|LONDON - Life is tough at the top, especially for very large trees.|
The tallest tree on the planet, a giant redwood that soars 370 feet into the California sky, is still growing.
But scientists say it will not grow higher than 130 meters because the taller a tree gets, the more difficult it is for water to get to the top.
\"The taller trees grow, and they do that because they are competing with other trees for light, the less able they are to grow taller,\" George Koch, a physiological ecologist at Northern Arizona University in Flagstaff, told Reuters.
\"They seem to be limited in their height growth by the influence of gravity, which makes the water held in the tree more difficult for the living cells to access.\"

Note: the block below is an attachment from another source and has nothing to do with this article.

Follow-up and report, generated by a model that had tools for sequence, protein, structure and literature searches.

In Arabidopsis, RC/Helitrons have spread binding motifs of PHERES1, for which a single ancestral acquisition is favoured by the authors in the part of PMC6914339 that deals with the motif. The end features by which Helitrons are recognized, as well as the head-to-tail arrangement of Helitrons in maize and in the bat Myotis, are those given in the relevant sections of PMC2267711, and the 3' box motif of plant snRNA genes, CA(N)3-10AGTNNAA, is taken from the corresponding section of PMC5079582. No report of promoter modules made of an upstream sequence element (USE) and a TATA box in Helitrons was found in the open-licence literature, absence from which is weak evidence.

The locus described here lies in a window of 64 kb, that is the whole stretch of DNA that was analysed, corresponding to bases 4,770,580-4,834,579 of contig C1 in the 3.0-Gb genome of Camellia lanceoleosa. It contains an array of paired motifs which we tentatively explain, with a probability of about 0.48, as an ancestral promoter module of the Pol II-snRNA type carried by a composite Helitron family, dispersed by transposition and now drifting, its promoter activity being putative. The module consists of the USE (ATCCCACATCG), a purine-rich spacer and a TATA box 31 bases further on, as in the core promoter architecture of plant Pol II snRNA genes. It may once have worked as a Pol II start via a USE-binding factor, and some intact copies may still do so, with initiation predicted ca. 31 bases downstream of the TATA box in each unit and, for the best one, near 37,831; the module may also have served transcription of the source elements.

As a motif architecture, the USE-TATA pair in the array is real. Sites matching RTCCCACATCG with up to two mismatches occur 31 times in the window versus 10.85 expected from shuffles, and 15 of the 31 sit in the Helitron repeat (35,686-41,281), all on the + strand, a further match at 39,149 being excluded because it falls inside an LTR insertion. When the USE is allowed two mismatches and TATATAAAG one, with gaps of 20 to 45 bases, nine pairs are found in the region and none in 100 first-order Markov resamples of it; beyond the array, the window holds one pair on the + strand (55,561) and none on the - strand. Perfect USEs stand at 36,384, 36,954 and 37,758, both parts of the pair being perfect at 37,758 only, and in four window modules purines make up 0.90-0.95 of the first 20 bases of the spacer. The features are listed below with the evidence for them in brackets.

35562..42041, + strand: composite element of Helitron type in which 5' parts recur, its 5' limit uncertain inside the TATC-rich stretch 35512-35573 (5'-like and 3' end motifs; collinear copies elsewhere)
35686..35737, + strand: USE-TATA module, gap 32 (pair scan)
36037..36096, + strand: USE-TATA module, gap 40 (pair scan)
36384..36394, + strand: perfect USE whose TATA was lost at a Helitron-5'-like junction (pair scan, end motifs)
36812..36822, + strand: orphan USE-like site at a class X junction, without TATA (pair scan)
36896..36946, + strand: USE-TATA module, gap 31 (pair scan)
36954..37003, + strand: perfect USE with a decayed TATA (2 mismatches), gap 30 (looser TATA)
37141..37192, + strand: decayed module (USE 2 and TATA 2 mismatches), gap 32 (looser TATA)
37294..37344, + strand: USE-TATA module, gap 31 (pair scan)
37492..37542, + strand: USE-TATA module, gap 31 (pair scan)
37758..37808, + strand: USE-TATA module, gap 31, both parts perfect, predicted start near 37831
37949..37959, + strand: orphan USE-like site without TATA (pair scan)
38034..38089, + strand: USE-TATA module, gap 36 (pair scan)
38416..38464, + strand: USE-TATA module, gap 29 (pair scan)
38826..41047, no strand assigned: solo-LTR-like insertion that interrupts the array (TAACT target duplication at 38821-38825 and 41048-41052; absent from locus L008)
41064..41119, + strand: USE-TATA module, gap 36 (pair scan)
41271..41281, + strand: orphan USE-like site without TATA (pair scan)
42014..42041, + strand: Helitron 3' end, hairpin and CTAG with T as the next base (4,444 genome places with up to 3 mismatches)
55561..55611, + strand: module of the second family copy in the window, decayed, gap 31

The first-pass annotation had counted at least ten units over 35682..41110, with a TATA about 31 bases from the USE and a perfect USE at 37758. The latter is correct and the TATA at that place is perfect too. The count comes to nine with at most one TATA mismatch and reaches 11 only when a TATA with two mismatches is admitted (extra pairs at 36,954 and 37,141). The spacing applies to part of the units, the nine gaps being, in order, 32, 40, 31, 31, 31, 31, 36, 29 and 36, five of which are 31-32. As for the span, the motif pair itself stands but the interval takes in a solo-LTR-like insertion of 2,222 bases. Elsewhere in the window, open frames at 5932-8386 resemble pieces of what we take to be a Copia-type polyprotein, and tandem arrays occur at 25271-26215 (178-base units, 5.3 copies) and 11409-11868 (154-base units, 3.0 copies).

Koch and his colleagues scaled five of the eight tallest trees in the world, including the world\'s biggest in Humboldt Redwoods State Park in California, to carry out tests on the increasing influence of gravity on the heights of trees.
\"Gravity is a very important constraint on height growth as trees get taller and taller,\" Koch, who reported his findings in Wednesday\'s issue of the science journal Nature, said.
The trees in the study are between 1,000 and 2,500 years old and have already adapted to climate change during their lifetimes, according to Koch.
Water reaches treetops through a process called transpiration, which pulls it into plants through their roots. The water then travels large distances through water-conducting cells, defying gravity until it reaches the top.
Koch said conditions at the top of trees resemble a desert. Leaves are small and dense because of limited water supply.
He and his team combined their treetop measurements and laboratory work to calculate the maximum height that California redwoods could reach based on the amount of water needed at the top.
\"There are a lot of ups and downs to height growth in big trees,\" he said.
Story by Patricia Reaney
REUTERS NEWS SERVICE